Not only do employees highly value employer-sponsored insurance, but businesses also see a value in providing coverage as well.  By offering health coverage, businesses benefit with:

  • Reductions in direct medical costs,
  • Improved productivity,
  • Enhanced recruitment
  • Greater retention, and  
  • Lower costs related to short- and long-term disability.  

In 2023, employer-sponsored benefits were estimated to account for a return on investment of 47%; for every dollar invested in employer-sponsored coverage, business sees a benefit of $1.47 in these measures. These benefits for employers are projected to continue to steadily increase to 52% in 2026.[3]

Procedural Concerns

The Chamber has several broad procedural concerns with the Proposed Rules and questions whether the Departments have authority to finalize these amendments. First and foremost, these products are regulated at the state level with guidance from the National Association of Insurance Commissioners in establishing standards, and by certain Federal Agencies only in relation to deceptive sales issues.  States are charged with regulating these products and there is not sufficient evidence to demonstrate their failure to enforce the law as required by the Public Health Service Act. 

States are Primary Regulators of Health Insurance Products and Marketing

States are and have long been the primary authority for regulation of health insurance, including stop-loss coverage, hospital and other fixed indemnity insurance and specified disease or illness insurance.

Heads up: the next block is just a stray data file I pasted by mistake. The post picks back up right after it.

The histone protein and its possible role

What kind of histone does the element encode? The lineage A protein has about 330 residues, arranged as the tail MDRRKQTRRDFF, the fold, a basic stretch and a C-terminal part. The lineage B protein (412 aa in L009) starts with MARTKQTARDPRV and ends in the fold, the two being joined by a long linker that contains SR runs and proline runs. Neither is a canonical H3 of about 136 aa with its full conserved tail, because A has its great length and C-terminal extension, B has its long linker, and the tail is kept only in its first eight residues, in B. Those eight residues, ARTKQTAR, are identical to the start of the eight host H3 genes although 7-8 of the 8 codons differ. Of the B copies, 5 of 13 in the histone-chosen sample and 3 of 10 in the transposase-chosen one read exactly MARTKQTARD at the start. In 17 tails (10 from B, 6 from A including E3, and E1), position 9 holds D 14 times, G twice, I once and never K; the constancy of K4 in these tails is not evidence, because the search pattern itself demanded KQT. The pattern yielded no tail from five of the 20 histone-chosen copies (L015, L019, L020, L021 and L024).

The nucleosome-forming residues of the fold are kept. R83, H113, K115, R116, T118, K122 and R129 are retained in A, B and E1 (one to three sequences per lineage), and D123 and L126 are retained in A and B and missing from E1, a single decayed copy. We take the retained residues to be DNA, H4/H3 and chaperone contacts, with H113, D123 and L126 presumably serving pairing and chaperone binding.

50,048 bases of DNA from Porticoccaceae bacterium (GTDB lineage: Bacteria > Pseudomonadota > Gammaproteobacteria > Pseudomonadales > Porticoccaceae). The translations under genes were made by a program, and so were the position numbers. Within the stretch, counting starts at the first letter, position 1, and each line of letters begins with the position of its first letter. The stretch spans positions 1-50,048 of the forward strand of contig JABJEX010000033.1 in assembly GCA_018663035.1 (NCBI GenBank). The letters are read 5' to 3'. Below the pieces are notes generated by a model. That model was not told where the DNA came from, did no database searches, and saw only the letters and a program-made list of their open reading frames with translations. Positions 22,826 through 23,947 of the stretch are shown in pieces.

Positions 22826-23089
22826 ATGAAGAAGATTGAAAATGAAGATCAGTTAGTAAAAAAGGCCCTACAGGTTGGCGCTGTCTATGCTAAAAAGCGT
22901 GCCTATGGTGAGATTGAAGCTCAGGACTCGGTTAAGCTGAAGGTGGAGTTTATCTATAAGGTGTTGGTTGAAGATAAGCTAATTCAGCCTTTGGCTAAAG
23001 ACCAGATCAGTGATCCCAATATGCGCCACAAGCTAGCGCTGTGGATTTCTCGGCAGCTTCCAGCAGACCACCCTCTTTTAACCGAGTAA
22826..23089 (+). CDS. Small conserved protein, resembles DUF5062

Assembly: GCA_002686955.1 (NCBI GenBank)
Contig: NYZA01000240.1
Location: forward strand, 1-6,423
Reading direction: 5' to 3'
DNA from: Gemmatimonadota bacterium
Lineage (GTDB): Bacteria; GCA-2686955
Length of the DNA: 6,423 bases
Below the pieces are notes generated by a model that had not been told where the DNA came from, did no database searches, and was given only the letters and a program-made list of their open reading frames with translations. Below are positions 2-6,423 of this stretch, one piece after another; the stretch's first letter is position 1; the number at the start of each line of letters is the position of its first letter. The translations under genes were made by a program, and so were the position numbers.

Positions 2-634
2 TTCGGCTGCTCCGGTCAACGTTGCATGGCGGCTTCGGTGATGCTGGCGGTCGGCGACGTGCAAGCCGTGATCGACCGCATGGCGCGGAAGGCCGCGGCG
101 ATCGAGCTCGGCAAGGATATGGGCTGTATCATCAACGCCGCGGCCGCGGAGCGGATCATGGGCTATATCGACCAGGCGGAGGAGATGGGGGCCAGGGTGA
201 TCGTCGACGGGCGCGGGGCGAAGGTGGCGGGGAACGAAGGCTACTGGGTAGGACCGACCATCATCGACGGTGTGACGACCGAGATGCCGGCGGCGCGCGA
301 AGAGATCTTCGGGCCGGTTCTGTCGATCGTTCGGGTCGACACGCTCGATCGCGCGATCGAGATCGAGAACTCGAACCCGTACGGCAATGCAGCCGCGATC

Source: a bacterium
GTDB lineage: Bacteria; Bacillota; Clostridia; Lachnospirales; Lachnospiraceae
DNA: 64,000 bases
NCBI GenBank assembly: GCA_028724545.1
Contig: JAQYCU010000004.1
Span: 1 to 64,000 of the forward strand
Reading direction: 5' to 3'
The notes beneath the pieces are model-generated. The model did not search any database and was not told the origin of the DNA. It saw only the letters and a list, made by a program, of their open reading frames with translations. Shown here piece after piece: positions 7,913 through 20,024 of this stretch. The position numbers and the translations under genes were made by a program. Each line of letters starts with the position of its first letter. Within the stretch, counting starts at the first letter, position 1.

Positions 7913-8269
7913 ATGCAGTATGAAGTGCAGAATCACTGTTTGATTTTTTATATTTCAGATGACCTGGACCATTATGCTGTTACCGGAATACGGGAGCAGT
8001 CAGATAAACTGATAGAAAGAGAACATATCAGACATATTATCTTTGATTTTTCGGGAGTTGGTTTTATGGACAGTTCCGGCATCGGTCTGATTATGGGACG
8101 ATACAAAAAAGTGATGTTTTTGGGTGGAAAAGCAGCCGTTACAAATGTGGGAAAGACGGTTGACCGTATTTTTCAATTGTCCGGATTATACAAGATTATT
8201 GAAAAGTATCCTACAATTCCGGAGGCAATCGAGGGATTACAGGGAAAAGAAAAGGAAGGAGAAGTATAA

Federal law does not "supersede" state health insurance law unless such state law "prevents the application of a requirement" of federal requirements.[4] Any federal intrusion of this "primary" state regulatory authority must be based on information that a State may not be substantially enforcing PHS Act requirements.[5] 

Specific procedures must be followed to determine whether a State is substantially enforcing PHS Act requirements.[6]  There are already standards and other entities charged with the oversight of these products. The PHS Act recognizes this authority, and the Affordable Care Act did not change this authority for these products.[7]

State regulation includes robust consumer protections and the active enforcement of those protections. Consumer protections include requirements for policy provisions, filing and approval of policy forms, outlines of coverage, marketing, and advertising. State insurance departments monitor compliance with these requirements through consumer complaint investigations and market conduct examinations, and impose fines and order compliance as necessary to enforce the requirements.

 In addition, each state insurance department has a division for the reporting and investigation of fraud, improper marketing, and other market abuses. States remain the closest to both the consumer and the sales channels and should be entrusted with the necessary oversight of these products and their marketing.

 The NAIC has established a Model Act (#170) and Model Regulations (#171) that establishes standards and required disclosure forms for these products, and is currently updating these models.  The NAIC has also established the Improper Marketing of Health Insurance Working Group and is working directly with the federal DOJ, DOL, HHS, and FTC to address deceptive sales issues.

Problematic Declarations